British hospital. He was asked to choose between a Hindu surgeon and a British-Colonel Macks. Gandhi chose Colonel Macks, and he has referred to the weakness of the flesh which prevented carrying out his principles With all his professions of self-denial and poverty, Mr. Gandhi has a mind full of egotism. I never like talking about people in their absence, but I would say these things if I were in his presence, as I was in the waiting-room of the House of Commons,, when he spent half an hour trying to show that the navy and the army were unnecessary. He was talking to one of the members about what he would do if there were a rebellion; describing how he would pray and pray, and talk independence-satyagraha--but this was the essence of the whole proposition-"Surely the British were friendly to India, and would help in an hour of need." (Laughter). Any proposal of his relating to Indian officers is this--that the Indian government might rule, but India would be served by the British with the item of supplies, and British officers would be in charge. It is inconceivable, as Sir John Simon pointed out, that you should have an Indian government responsible for the peace of the country in every district, and the army controlled by British officers. Many of those suggested solutions do not fit the facts of the case. Gandhi's efforts to bring the Hindus and Moslems together are notorious. If the Conference has been ineffective it has been in a large part due to Mr. Gandhi's failure, and the failure of others to achieve the impossible; that is, to persuade the Moslems that they would be safe in a future in which the English have not the control. There are 70,000,000 of untouchables who are claiming equal terms; there are 80,000,000 Moslems who will not submit to the Gandhi Raj. It is they, and not the British Government in London, who said, "We cannot agree to Mr. Gandhi's demand." They have demanded an absolute assurance that in any future legislature they shall be represented according to their numerical proportion in the population. Where they are lucky enough to have a majority, there shall be a majority in that Parliament.

I think we have unduly advertised the forces in India which are against the British administration. We have risked much to lead the United States to suppose that Mr. Gandhi and other Indians of the same mental cast speak for the whole 351,000"000. The world has been startled with the proceedings in London; they have stimulated interest everywhere; if we can rely on public opinion, and give people a true conception of our Indian problems, first on what principles the British Administration stands, and the patient temperament of the British Administrator, we can dispel the beliefs spread by some of those poisonous books, one of which I was reading the other day; it suggested that every Englishman in India insults a Hindu or Moslem when he meets one. There could not be a more infernal untruth than that suggestion. As long ago as 1900, the Government came down heavily on British officers who had not treated Indians with the proper respect. There are cads everywhere, but such men in India do not truly represent the British inhabitants.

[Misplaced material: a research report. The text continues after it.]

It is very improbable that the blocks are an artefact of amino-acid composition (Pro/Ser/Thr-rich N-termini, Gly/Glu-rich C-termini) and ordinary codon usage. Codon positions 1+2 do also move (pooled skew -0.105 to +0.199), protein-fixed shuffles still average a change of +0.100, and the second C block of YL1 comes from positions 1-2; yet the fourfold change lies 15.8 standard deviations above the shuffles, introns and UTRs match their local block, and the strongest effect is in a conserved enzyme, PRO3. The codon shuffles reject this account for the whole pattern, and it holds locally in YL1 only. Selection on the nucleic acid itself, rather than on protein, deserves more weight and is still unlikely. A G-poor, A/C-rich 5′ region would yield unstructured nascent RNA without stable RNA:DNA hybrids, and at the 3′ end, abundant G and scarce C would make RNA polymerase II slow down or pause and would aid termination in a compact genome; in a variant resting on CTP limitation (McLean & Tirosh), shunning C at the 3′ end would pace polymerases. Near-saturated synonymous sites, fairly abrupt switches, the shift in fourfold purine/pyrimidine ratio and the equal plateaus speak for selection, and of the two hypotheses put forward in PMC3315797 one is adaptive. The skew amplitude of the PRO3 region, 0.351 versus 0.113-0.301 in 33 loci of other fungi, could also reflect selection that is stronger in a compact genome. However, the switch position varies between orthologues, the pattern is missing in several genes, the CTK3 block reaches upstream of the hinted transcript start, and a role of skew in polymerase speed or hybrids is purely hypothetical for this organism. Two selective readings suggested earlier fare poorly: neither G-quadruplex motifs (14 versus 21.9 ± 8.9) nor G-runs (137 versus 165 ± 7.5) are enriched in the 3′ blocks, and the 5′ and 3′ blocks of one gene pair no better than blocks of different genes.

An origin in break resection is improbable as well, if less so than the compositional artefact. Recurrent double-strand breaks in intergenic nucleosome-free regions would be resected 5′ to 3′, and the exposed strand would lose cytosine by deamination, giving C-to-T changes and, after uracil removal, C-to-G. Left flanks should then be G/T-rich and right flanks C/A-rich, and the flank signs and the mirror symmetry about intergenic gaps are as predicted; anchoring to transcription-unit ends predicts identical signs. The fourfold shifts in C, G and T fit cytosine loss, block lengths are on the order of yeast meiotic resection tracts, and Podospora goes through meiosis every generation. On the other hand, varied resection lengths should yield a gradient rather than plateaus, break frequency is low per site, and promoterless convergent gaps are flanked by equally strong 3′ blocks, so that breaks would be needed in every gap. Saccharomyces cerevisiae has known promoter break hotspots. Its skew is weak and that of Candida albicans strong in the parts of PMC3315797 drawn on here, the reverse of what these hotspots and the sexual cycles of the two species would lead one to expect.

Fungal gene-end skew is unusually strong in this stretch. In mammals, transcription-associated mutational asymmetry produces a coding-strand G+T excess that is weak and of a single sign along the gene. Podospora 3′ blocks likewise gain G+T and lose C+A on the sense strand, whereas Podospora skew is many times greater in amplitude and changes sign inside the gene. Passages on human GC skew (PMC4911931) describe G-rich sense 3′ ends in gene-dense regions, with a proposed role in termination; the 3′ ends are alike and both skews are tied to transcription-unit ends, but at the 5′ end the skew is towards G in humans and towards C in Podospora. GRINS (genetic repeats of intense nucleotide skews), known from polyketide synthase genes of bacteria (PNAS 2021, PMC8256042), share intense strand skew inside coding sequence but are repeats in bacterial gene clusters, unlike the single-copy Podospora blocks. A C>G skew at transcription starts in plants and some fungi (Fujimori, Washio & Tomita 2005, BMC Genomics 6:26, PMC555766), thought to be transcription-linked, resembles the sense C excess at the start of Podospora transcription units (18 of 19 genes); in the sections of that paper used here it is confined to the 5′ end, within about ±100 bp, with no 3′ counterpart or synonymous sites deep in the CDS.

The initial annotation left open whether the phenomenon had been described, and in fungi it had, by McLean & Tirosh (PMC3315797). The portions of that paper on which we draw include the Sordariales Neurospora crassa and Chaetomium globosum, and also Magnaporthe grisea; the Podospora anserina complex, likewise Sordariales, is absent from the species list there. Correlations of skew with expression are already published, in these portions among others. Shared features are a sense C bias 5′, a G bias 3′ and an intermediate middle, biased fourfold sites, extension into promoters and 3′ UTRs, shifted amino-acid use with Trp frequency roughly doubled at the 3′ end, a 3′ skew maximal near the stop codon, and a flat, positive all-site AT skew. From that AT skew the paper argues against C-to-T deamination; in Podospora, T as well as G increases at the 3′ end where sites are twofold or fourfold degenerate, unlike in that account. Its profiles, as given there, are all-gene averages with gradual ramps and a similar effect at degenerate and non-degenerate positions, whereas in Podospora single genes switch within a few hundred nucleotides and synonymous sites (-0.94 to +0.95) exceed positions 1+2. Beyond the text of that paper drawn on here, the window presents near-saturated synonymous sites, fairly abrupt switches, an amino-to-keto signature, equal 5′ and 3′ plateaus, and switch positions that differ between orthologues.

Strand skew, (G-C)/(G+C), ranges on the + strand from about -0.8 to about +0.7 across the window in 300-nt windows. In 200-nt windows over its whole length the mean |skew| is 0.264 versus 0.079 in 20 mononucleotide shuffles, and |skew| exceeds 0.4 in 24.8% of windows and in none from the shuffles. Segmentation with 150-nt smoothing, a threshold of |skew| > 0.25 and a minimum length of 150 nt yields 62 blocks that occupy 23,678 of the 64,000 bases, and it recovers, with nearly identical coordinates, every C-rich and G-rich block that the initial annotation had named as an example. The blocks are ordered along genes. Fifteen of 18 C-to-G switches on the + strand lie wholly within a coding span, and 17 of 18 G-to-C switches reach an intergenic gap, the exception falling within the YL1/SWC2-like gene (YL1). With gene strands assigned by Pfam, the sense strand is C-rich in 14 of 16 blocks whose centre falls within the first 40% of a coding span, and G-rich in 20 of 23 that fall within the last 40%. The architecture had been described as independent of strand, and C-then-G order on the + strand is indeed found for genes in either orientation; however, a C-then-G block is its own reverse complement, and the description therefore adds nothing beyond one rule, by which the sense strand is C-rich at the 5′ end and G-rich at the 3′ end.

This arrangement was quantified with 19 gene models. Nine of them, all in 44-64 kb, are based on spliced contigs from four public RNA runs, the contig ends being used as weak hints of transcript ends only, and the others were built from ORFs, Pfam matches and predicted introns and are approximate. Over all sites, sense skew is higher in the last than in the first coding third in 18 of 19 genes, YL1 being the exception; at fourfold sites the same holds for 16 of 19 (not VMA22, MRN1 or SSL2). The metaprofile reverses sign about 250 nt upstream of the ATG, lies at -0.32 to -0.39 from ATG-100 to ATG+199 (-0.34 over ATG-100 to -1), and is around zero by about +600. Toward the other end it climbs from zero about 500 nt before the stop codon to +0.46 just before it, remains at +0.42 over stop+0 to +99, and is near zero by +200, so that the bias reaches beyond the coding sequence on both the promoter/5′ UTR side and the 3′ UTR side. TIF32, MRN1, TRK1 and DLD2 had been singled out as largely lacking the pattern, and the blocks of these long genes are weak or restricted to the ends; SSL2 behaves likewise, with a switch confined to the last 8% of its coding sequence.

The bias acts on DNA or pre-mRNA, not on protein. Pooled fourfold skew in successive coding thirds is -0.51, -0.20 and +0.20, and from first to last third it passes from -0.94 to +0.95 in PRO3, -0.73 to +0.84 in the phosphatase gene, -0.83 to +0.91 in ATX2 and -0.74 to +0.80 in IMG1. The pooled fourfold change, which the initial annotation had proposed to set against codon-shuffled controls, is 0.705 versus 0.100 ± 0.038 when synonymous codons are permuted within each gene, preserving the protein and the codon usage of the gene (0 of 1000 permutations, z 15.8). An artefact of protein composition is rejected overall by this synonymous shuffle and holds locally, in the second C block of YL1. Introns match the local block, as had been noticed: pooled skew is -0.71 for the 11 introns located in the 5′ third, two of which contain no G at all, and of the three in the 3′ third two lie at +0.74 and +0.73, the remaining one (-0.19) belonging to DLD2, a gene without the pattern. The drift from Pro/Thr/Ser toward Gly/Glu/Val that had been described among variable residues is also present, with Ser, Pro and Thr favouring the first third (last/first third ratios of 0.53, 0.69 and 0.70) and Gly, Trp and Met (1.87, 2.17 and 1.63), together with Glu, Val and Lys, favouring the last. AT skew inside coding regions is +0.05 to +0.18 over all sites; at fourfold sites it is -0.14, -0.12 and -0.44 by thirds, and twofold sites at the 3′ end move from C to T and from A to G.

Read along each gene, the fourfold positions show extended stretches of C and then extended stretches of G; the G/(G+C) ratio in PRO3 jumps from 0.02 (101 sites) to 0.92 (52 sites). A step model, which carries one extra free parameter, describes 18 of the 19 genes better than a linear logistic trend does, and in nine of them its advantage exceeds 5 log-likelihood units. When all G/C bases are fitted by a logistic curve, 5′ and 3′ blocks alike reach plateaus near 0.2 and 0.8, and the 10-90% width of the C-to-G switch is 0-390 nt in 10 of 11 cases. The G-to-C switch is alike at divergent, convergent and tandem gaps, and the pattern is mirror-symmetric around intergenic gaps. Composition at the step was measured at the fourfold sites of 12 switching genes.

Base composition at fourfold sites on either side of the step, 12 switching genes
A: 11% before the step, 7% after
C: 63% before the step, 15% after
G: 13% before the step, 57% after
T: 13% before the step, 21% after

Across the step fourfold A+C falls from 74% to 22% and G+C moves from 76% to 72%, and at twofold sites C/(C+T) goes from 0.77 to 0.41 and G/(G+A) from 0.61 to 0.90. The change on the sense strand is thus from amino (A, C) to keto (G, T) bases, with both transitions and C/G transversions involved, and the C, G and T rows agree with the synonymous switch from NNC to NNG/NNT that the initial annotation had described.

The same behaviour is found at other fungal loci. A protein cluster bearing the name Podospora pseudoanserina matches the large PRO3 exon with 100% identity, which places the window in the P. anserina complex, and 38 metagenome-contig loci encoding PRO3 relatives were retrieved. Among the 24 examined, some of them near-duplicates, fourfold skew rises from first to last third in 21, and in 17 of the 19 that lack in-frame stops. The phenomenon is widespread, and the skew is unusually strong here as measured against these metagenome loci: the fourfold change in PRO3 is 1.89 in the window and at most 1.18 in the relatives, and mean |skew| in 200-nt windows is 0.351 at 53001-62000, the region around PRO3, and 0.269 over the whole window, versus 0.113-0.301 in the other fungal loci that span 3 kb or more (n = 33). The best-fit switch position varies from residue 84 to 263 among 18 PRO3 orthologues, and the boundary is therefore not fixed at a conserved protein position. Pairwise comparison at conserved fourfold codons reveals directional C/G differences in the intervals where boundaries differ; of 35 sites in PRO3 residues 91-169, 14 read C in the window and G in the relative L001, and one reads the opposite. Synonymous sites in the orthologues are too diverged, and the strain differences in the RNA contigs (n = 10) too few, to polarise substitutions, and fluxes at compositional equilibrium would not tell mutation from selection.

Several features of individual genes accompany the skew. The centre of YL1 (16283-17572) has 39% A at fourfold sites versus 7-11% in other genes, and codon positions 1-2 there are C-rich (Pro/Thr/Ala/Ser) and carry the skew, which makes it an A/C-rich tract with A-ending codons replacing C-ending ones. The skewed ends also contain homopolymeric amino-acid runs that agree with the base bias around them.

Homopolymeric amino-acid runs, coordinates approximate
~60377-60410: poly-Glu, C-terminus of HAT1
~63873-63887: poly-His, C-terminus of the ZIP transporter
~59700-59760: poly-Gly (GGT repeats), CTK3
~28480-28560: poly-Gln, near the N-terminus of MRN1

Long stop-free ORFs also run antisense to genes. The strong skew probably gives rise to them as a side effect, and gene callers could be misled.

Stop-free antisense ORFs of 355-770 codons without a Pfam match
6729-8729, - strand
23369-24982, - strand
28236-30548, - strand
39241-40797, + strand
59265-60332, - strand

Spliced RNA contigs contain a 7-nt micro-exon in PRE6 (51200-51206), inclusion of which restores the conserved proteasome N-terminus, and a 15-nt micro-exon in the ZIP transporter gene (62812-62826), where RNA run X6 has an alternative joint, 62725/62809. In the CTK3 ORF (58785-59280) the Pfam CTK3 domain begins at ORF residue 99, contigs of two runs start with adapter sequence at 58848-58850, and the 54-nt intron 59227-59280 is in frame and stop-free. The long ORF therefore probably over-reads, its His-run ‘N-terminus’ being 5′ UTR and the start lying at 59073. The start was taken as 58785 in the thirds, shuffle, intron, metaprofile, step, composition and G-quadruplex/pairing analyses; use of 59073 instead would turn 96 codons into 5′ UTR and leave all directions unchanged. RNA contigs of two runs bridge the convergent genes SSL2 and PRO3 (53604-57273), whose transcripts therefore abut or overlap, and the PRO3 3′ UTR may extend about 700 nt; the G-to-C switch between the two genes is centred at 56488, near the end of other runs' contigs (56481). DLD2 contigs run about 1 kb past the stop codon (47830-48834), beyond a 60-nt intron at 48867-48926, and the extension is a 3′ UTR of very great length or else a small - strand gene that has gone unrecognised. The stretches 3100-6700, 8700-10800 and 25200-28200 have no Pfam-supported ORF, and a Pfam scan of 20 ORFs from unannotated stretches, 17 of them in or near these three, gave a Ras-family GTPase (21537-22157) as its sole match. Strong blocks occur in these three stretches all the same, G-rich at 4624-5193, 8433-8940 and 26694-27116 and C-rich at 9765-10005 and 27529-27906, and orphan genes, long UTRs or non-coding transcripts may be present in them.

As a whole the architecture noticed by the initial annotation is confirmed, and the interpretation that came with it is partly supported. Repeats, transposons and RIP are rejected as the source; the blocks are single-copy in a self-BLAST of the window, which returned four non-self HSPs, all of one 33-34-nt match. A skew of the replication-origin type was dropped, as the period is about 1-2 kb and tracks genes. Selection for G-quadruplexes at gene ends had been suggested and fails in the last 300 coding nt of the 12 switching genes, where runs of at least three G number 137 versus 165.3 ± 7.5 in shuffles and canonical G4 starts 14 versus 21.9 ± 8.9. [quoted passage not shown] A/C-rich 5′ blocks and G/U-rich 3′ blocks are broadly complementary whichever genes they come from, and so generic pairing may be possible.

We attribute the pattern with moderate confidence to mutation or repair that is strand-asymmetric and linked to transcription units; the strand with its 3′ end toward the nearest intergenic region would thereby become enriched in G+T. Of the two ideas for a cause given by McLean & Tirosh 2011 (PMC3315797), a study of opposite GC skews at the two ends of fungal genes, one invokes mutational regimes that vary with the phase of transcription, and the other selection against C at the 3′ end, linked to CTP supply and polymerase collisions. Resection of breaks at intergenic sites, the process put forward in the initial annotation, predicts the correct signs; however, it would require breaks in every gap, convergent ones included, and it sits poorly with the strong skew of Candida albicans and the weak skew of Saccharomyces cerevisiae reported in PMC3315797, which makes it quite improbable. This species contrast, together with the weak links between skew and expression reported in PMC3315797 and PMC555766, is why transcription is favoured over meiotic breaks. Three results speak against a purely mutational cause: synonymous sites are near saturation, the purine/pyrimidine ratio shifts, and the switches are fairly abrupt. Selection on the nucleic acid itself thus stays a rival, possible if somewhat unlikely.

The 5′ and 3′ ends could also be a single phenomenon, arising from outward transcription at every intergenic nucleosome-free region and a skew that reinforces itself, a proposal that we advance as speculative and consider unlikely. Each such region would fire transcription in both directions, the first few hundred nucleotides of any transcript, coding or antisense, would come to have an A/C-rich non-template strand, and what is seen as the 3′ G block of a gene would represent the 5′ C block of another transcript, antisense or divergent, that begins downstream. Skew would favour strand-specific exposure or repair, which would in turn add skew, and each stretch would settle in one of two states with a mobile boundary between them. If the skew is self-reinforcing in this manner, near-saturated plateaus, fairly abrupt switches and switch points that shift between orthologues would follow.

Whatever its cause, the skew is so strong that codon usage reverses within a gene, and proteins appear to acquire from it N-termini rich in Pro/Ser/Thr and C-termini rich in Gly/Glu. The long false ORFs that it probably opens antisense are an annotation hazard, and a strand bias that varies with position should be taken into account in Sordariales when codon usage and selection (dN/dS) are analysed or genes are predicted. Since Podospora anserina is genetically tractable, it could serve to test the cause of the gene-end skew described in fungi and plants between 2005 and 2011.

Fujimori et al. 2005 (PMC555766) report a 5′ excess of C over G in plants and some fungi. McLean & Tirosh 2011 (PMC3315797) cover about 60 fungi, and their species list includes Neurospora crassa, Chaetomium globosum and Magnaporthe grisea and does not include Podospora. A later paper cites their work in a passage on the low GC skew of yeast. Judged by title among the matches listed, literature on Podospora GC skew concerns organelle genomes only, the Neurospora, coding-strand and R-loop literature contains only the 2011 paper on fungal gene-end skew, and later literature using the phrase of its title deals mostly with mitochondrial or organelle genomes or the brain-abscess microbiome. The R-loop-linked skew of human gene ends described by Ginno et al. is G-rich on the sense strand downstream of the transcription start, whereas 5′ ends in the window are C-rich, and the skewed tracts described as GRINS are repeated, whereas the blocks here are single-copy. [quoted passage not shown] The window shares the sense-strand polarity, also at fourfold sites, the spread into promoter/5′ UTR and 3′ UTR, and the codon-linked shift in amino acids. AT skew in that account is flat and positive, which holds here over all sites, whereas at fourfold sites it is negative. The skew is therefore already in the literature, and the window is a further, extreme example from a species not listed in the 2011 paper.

We must encourage and help the whole world to get the right perspective of this problem, and realize its significance for world prosperity. I think the result will be to return to the report given by the Simon Commission This Commission, composed of men whom we can trust, went as far as they safely could. I am not without hope. I believe that the men from India who have gone to London with Mr. Gandhi, perhaps Mr. Gandhi himself, have acquired a much better conception of the nature and size of the difficulties, and you will find they will go back in a more tolerant and constructive frame of mind, which, if we are patient, will lead to a useful, firm and stable settlement on the lines of the well-reasoned recommendations in the Simon Commission's Report. (Loud applause)

HON W. G. MARTIN, Minister of Public Health and Welfare of the Ontario Government, conveyed the thanks of the Club to the speaker for his well-balanced and logical address.

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The British Achievement in India


The spirit underlying British statesmanship in London now; the spirit which entirely animates our judgment on problems such as India. The Indian question as put by the Indian leaders who demand a great change in the character and control of the administration of the country, and in a reversal by the speaker, "Has England the right to leave India?" Some clear estimate, however perfunctory, of what the British have done in India. The unfounded charge that the British have neglected the cultural advancement of the country. An examination of the British in India, looking specifically at literacy, language, defence, social order, public finance, trade, population growth, establishing an association with the Princes. Issues which must be settled if permanent safeguards are to be made. Consequences of the British leaving India. The aim of Britain to give India full responsible government, but with the British Parliament as the judge of the stages in that advance toward independence. What a non-British internal war would mean. Some comments on Mr. Gandhi. Encouraging the whole world to get the right perspective of this problem, and realizing its significance for world prosperity. Returning to the report given by the Simon Commission.